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  • Adam Schell

Looks Can Be Deceiving

We’re now five weeks into the season of Lent. And, as the author Sarah Parsons explains, Lent is a time when we:

look at our lives and ourselves, not so we may criticize ourselves more harshly but so we can identify the obstructions that keep us from God. Lent gives us a chance to look at such obstructions and to move them gently away so that we can come closer to the one that gives us life, the one whose triumph we will celebrate on Easter morning.

What Parsons is saying here is that Lent is a season of both reflection and action. It’s a time when we look at our lives so we can try to find the things that keep us from following Jesus. And it’s also a time when we recommit ourselves to following Jesus as we move forward.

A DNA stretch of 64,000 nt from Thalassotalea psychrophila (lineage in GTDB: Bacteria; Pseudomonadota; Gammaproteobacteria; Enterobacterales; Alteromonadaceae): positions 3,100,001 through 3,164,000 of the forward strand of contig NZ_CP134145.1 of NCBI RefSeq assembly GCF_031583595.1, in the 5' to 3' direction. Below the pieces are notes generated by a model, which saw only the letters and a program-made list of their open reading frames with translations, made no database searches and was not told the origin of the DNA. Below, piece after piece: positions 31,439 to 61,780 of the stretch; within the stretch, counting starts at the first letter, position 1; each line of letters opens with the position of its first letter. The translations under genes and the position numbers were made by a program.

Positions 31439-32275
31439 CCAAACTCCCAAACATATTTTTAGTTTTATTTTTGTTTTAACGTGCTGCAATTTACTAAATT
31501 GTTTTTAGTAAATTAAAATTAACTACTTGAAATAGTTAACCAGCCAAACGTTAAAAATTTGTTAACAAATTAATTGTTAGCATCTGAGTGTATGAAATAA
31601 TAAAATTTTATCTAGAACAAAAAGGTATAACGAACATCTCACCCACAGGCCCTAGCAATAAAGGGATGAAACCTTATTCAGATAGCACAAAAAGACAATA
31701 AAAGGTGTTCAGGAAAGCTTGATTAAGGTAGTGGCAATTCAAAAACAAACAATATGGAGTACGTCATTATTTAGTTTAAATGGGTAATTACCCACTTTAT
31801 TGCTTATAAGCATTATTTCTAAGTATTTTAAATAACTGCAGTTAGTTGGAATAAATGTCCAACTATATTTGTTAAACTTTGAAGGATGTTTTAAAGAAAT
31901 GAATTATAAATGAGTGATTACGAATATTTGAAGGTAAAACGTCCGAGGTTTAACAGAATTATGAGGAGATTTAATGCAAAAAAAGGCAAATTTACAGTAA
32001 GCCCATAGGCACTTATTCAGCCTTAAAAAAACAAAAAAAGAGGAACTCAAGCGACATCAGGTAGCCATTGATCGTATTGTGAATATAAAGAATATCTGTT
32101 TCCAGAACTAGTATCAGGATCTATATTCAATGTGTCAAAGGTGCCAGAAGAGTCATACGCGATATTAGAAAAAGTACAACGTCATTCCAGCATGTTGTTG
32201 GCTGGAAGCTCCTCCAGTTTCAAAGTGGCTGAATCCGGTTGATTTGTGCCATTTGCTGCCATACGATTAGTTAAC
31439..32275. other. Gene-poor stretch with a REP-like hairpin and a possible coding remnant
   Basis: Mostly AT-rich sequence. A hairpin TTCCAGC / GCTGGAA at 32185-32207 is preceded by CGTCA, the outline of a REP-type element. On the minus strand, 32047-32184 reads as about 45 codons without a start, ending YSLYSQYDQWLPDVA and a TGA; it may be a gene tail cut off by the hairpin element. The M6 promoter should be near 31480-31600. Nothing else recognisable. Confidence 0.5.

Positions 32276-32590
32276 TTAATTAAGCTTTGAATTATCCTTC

But you know what? You can’t really recommit to following Jesus if you don’t know what that means. So throughout the season of Lent at Melbourne Heights, we’ve been working our way through a series of sermons called Follow Me? where we’ve been talking about what it means to follow Jesus.

And a lot of us believe the same thing about following Jesus that I believed about being a pastor right after I was ordained into ministry almost twenty years ago. After my ordination service concluded, my parents threw a party in my honor – complete with a giant sheet cake and presents. And there was one present in particular that caught my attention that day. It was from the church I was working in at the time, they had all pitched in and bought me a real-life briefcase.